Книги издательства MoMA
Edited by Klaus Biesenbach and Christophe Cherix. With contributions by Yoko Ono, Julia Bryan-Wilson, Jon Hendricks, Clive Phillpot, David Platzker, Francesca Wilmott, and Midori Yoshimoto. Yoko Ono: One Woman Show, 1960-1971 examines the beginnings of Ono's career, demonstrating her pioneering role in visual art, performance, and music during the 1960s and early 1970s. It begins in 1960, when Ono initiated a performance series with La Monte Young in her New York loft. Over the course of the decade, Ono earned international recognition, staging Cut Piece in Kyoto, Tokyo, New York, and London, and launching with John Lennon her global campaign WAR IS OVER ! if you want it. Ono returned to New York in the early 1970s and organized an unsanctioned "one woman show" at MoMA. Over forty years later, the Museum presents its first exhibition dedicated exclusively to the artist's work. This accompanying publication features three essays that examine Ono's early years, and five sections organized chronologically to trace the evolution of Ono's artistic practice. Each chapter includes an introduction, artwork descriptions, primary documents, and a selection by the artist of her texts and instruction drawings.
"Robert Rauschenberg is one of the greatest sculptors of out time both in the heart of what he has made and in the extensions of its possibilities. (...) In organizing the exhibition I decided to focus only on those works which had no painting element." (Julia Brown Turrell)
Though the Surrealists adopted Frida Kahlo as one of their own, the painter maintained that she did ‘not know if my paintings are Surrealist or not, but I do know that they are the most frank expression of myself.’ She produced numerous self-portraits, each one an articulation of different facets of herself and her eventful life. Kahlo painted Self- Portrait with Cropped Hair in the wake of a particularly tumultuous time, just months after she divorced her famous husband, Mexican Muralist painter Diego Rivera. He had always admired her long, dark hair, which, as she indicates in the tresses littering the painting, she had cut off after their split. She also shows herself in an oversized suit resembling the ones that Rivera wore. Through such emotionally and symbolically charged details, Kahlo expresses her feelings about her relationship with Rivera while also asserting her sense of self as an independent artist.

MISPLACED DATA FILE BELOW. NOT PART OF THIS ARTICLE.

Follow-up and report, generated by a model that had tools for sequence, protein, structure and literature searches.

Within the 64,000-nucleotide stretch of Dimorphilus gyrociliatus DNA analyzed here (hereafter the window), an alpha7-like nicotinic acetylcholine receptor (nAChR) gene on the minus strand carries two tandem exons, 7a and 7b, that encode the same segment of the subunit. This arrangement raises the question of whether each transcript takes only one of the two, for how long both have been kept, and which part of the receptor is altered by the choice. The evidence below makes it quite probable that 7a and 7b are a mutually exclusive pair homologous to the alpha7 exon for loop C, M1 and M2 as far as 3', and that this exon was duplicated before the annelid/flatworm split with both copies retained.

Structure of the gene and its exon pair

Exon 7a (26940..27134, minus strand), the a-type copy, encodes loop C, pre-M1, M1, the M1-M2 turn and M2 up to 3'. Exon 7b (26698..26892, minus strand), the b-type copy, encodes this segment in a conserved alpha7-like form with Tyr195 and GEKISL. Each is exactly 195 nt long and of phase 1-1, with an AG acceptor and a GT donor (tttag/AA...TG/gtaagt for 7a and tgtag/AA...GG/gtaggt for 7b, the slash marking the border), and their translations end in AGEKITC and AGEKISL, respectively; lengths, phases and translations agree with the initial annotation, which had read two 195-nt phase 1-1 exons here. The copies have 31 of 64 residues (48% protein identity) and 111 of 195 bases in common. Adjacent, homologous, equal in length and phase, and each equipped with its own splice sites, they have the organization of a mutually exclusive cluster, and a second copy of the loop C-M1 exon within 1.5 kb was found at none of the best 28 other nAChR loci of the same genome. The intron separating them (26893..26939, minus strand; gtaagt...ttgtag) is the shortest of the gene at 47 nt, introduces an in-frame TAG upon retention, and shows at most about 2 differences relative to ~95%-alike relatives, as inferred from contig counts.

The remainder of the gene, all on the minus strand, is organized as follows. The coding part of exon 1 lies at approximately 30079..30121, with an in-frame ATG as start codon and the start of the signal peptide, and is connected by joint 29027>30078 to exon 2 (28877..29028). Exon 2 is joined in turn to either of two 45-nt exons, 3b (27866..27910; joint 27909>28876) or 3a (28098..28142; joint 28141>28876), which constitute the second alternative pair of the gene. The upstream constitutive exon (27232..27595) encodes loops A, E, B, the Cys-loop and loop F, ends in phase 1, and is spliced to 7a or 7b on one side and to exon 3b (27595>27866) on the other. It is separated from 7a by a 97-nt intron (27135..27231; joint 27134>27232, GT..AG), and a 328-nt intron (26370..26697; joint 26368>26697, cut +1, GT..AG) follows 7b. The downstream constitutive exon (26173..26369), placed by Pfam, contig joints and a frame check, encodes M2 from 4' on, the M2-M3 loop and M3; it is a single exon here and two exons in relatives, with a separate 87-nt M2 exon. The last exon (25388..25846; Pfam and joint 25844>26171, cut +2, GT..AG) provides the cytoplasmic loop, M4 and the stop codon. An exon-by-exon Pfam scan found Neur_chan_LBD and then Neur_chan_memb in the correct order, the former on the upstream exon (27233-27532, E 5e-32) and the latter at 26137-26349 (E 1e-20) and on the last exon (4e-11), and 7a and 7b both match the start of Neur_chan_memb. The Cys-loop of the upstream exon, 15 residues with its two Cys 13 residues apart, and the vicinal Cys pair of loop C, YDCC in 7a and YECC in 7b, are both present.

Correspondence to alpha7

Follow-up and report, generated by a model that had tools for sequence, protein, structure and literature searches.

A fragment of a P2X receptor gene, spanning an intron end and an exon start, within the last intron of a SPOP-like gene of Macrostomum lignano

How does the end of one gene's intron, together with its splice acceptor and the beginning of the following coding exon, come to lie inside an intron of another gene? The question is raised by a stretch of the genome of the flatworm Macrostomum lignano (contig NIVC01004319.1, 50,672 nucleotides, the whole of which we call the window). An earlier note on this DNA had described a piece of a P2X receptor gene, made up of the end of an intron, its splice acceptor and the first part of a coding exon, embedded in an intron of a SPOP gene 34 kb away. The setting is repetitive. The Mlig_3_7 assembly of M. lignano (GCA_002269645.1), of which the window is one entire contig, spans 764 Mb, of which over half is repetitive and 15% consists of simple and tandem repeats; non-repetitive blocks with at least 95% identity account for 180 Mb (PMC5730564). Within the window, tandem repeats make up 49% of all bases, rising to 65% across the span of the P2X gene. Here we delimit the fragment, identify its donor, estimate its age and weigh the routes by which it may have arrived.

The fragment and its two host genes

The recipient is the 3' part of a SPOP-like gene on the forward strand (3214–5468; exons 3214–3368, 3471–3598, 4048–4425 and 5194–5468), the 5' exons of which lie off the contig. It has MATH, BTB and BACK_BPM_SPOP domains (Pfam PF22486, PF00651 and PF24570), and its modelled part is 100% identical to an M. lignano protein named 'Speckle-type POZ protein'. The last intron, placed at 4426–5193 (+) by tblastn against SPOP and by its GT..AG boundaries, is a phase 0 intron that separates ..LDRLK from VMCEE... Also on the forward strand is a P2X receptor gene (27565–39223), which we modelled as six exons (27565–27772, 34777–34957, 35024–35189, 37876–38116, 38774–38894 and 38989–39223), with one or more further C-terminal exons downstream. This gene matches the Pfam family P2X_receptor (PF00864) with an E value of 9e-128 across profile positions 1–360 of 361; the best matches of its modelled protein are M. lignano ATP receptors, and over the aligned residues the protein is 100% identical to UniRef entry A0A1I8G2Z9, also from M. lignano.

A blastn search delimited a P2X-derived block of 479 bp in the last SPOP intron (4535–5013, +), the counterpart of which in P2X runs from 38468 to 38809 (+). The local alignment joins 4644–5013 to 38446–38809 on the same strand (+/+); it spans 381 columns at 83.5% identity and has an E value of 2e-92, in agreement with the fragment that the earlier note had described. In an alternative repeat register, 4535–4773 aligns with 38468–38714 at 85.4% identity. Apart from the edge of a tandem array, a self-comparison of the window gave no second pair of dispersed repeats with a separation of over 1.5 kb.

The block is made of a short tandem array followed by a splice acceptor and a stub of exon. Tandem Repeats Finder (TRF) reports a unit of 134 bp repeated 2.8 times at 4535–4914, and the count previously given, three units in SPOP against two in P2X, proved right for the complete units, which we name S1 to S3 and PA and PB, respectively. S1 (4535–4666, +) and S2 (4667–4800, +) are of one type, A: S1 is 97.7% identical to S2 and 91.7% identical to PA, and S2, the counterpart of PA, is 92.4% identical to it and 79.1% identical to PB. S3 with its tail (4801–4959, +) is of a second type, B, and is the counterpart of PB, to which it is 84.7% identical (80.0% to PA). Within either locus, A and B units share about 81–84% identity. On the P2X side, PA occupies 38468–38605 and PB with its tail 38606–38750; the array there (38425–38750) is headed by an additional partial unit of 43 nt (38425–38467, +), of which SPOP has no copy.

Published to accompany a major traveling exhibition, this small volume presents the 34 drawings Rauschenberg made for each canto of Dante’s Inferno. Between 1958 and 1960, Robert Rauschenberg made drawings for each of the thirtyfour cantos, or sections, of Dante’s fourteenth-century poem Inferno by using a novel technique to transfer photographic reproductions from magazines or newspapers onto paper. Acquired by The Museum of Modern Art soon after it was completed, the resulting work is his most sustained exercise in the medium of drawing and a testament to Rauschenberg’s desire to bring his experience of the contemporary world into his art. The drawings weave together meditations on public and private spheres, politics and inner life. Above all, they pay homage to creativity in dialogue: each drawing is a conversation with Dante across the centuries. This volume includes newly commissioned poems by Robin Coste Lewis and Kevin Young that offer contemporary responses to Rauschenberg’s celebrated series and an essay by MoMA curator Leah Dickerman that explores its making in depth.